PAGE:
Off-grid solar-powered desalination units use solar energy to fill a buffer tank on a hill with seawater.[32] The reverse osmosis process receives its pressurized seawater feed in non-sunlight hours by gravity, resulting in sustainable drinking water production without the need for fossil fuels, an electricity grid or batteries.[33][34][35] Nano-tubes are also used for the same function (i.e., Reverse Osmosis).

#### Forward osmosis

Forward osmosis uses a semi-permeable membrane to effect separation of water from dissolved solutes. The driving force for this separation is an osmotic pressure gradient, such that a "draw" solution of high concentration.[2]

### Freeze–thaw

Freeze–thaw desalination (or freezing desalination) uses freezing to remove fresh water from salt water. Salt water is sprayed during freezing conditions into a pad where an ice-pile builds up. When seasonal conditions warm, naturally desalinated melt water is recovered. This technique relies on extended periods of natural sub-freezing conditions.[36]

A different freeze–thaw method, not weather dependent and invented by Alexander Zarchin, freezes seawater in a vacuum. Under vacuum conditions the ice, desalinated, is melted and diverted for collection and the salt is collected.

### Electrodialysis membrane

Electrodialysis utilizes electric potential to move the salts through pairs of charged membranes, which trap salt in alternating channels.[37] Several variances of electrodialysis exist such as conventional electrodialysis, electrodialysis reversal.[2]

### Microbial desalination

 Main article: Microbial desalination cell

Microbial desalination cells are biological electrochemical systems that implements the use of electro-active bacteria to power desalination of water in situ, resourcing the natural anode and cathode gradient of the electro-active bacteria and thus creating an internal supercapacitor.[4]

## Design aspects

### Energy consumption

The energy consumption of the desalination process depends on the salinity of the water. Brackish water desalination requires less energy than seawater desalination.[38] Energy consumption of seawater desalination has reached as low as 3 kWh/m³[citation needed] including pre-filtering and ancillaries, similar to the energy consumption of other fresh water supplies transported over large distances,[39] but much higher than local fresh water supplies that use 0.2 kWh/m3 or less.[40]

A minimum energy consumption for seawater desalination of around 1 kWh/m3 has been determined,[38][41][42] excluding prefiltering and intake/outfall pumping. Under 2 kWh/m3[43] has been achieved with reverse osmosis membrane technology, leaving limited scope for further energy reductions as the reverse osmosis energy consumption in the 1970s was 16 kWh/m3.[38]

Supplying all US domestic water by desalination would increase domestic energy consumption by around 10%, about the amount of energy used by domestic refrigerators.[44] Domestic consumption is a relatively small fraction of the total water usage.[45]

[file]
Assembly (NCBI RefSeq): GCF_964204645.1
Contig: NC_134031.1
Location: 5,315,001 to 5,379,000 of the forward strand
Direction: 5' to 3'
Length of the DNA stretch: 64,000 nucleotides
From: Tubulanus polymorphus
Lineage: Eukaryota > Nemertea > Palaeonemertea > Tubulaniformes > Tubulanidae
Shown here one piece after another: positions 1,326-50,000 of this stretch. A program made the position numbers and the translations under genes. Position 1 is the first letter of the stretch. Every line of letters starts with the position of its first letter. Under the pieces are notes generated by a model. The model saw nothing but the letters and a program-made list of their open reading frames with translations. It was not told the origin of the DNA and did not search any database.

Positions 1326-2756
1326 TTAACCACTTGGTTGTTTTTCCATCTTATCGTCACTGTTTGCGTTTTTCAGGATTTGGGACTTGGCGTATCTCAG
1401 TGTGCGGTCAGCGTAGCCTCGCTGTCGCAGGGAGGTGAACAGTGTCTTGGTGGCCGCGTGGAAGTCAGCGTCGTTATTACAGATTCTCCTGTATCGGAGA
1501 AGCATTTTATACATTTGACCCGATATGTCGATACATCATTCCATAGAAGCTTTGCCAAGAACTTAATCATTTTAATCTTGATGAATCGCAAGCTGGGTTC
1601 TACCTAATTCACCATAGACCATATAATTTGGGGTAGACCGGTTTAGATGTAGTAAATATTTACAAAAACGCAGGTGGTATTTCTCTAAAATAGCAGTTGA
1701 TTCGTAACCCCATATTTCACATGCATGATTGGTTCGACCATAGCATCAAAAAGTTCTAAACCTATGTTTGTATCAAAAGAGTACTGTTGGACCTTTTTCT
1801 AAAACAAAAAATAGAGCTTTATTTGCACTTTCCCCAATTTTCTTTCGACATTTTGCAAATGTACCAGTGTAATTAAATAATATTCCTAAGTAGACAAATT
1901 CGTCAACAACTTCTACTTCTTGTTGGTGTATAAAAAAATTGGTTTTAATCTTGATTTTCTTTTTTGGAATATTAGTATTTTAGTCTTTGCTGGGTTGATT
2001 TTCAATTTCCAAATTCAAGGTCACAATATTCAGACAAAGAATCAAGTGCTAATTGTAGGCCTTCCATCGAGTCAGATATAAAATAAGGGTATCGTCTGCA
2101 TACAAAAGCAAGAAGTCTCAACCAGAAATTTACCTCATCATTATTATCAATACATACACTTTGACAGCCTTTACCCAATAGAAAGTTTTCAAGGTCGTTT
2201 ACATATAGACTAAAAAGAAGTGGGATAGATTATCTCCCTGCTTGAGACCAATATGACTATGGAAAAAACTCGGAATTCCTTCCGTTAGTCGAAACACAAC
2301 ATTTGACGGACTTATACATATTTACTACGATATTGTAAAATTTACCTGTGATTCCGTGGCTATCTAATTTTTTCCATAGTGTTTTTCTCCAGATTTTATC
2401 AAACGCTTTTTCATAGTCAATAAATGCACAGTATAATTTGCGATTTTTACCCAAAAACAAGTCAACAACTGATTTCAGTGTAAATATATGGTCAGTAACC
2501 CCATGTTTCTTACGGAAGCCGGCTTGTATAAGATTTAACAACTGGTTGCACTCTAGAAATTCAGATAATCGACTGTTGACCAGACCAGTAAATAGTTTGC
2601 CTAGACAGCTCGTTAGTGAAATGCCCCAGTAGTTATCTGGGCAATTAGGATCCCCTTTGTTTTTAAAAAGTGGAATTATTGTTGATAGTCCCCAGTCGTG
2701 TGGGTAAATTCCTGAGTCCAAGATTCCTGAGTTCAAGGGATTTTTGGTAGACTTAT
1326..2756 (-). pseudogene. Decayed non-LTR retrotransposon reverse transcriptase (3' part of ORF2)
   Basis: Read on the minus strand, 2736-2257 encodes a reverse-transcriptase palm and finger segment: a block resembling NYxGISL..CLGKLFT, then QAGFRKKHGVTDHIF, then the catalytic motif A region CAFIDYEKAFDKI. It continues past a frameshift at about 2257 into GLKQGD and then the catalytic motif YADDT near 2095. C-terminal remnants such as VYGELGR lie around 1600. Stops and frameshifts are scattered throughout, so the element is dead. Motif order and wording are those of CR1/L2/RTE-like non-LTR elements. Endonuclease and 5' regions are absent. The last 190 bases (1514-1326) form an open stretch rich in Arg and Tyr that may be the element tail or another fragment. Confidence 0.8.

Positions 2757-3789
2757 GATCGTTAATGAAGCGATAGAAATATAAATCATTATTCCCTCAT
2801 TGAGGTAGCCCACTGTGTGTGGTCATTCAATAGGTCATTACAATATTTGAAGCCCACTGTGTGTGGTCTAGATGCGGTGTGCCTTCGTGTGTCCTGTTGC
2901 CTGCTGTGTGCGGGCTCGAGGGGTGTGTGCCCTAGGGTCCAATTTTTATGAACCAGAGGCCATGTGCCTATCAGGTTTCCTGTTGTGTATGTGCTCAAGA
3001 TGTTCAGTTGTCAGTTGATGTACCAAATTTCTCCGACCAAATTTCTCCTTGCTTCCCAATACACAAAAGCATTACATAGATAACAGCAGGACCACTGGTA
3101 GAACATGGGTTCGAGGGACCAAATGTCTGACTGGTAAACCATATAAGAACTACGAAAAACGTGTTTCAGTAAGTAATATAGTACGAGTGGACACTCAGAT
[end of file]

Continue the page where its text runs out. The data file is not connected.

Energy consumption of seawater desalination methods (kWh/m3)[46]
Desalination Method   ⇨ Multi-stage
Flash
MSF
Multi-Effect
Distillation
MED
Mechanical Vapor
Compression
MVC
Reverse
Osmosis
RO
Energy ⇩
Electrical energy 4–6 1.5–2.5 7–12 3–5.5
Thermal energy 50–110 60–110 none none
Electrical equivalent of thermal energy 9.5–19.5 5–8.5 none none
Total equivalent electrical energy 13.5–25.5 6.5–11 7–12 3–5.5

Note: "Electrical equivalent" refers to the amount of electrical energy that could be generated using a given quantity of thermal energy and appropriate turbine generator. These calculations do not include the energy required to construct or refurbish items consumed in the process.

Given the energy intensive nature of desalination, with associated economic and environmental costs, desalination is generally considered a last resort after water conservation. But this is changing as prices continue to fall.

### Cogeneration

Cogeneration is generating excess heat and electricity generation from a single process. Cogeneration can provide usable heat for desalination in an integrated, or "dual-purpose", facility where a power plant provides the energy for desalination. Alternatively, the facility's energy production may be dedicated to the production of potable water (a stand-alone facility), or excess energy may be produced and incorporated into the energy grid. Cogeneration takes various forms, and theoretically any form of energy production could be used. However, the majority of current and planned cogeneration desalination plants use either fossil fuels or nuclear power as their source of energy. Most plants are located in the Middle East or North Africa, which use their petroleum resources to offset limited water resources. The advantage of dual-purpose facilities is they can be more efficient in energy consumption, thus making desalination more viable.[47][48]

The Shevchenko BN-350, a former nuclear-heated desalination unit in Kazakhstan

The current trend in dual-purpose facilities is hybrid configurations, in which the permeate from reverse osmosis desalination is mixed with distillate from thermal desalination. Basically, two or more desalination processes are combined along with power production. Such facilities have been implemented in Saudi Arabia at Jeddah and Yanbu.[49]

A typical supercarrier in the US military is capable of using nuclear power to desalinate 1,500,000 l (330,000 imp gal; 400,000 US gal) of water per day.[50]

### Alternatives to desalination

Increased water conservation and efficiency remain the most cost-effective approaches in areas with a large potential to improve the efficiency of water use practices.[51] Wastewater reclamation provides multiple benefits over desalination of saline water,[52] although it typically uses desalination membranes.[53] Urban runoff and storm water capture also provide benefits in treating, restoring and recharging groundwater.[54]